How to eat Shanghai hairy crabs
Shanghai cracks in the hairy crab (大闸蟹) season last week as Yangcheng Lake (阳澄湖) -- the main crab-breeding base near the city -- recently kicked off crabbing.
With an estimated five tons of hairy crabs due to crawl onto Shanghai dining tables from now till winter, it's high time to conquer your fear of whole steamed hairy crab, which is the best way to savor the crustacean.
Tearing apart an entire crab from shell to claw is considered a part of the fun of consuming the dish.
Some Shanghai restaurants will do all the dirty work, but why let them have all the fun?
More on CNNGo: Shanghai's best hairy crab
"Hairy crab is not a complex thing to eat once you get the hang of it," says Frenchman Emmanuel Souliere.
As avid hairy crab fan, Emmanuel was the hotel executive chef at Hilton Shanghai and will soon helm the kitchen at Conrad Beijing.
"It's education. Don't be scared to be a bit messy. It's part of the deal," he adds.
Souliere sat down to teach us how to crack, crunch and suck out the good bits.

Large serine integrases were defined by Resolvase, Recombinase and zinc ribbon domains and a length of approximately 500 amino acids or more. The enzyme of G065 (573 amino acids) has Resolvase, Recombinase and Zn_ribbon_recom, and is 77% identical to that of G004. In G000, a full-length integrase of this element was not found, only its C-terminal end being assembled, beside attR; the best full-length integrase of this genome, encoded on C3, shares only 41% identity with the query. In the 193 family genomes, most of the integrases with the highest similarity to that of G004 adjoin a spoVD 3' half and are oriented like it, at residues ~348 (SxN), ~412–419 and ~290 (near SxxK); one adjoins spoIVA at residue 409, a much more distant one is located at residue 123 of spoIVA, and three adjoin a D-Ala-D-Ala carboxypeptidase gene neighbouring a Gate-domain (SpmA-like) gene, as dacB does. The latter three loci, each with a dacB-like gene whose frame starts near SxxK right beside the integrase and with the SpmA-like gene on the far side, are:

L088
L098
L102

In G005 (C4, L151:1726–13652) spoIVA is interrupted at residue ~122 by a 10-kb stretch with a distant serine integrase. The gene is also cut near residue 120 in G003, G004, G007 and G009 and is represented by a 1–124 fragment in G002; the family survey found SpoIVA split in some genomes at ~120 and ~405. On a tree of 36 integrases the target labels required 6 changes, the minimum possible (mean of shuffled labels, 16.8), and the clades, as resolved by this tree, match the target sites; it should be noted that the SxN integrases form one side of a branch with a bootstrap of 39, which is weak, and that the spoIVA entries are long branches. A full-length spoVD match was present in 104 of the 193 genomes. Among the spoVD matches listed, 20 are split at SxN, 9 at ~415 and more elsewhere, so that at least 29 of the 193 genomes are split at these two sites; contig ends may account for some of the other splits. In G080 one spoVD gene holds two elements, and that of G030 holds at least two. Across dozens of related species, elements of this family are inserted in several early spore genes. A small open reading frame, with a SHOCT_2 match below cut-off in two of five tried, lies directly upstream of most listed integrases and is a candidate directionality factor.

1. Known as "hairy crab" (毛蟹) in English, the local name of the gourmet seafood is dazha xie, or big sluice crab (大闸蟹). Although it falls under the same family of hairy crab, only those heavier than 150 grams can be classified as dazha xie.
2. Dazha xie and hairy crabs are considered two different foods by real Shanghai foodies.
3. The best time to consume dazha xie is usually in September-November when they are freshly caught, while normal hairy crabs are eaten year-round in Shanghai.
4. The price difference between dazha xie and normal hairy crabs is staggering. Sometimes, dazha xie can be 30-50 times more expensive than normal hairy crabs. Make sure what you get is the real deal.
5. Although Yangcheng Lake is famous for its dazha xie, it’s not the only breeding ground in China. Dazha xie are bred in many freshwater lakes along the East China coast, for example Hongze Lake (洪泽湖) and Tai Lake in Jiangsu Province.
Originally published May 2010, updated October 2012.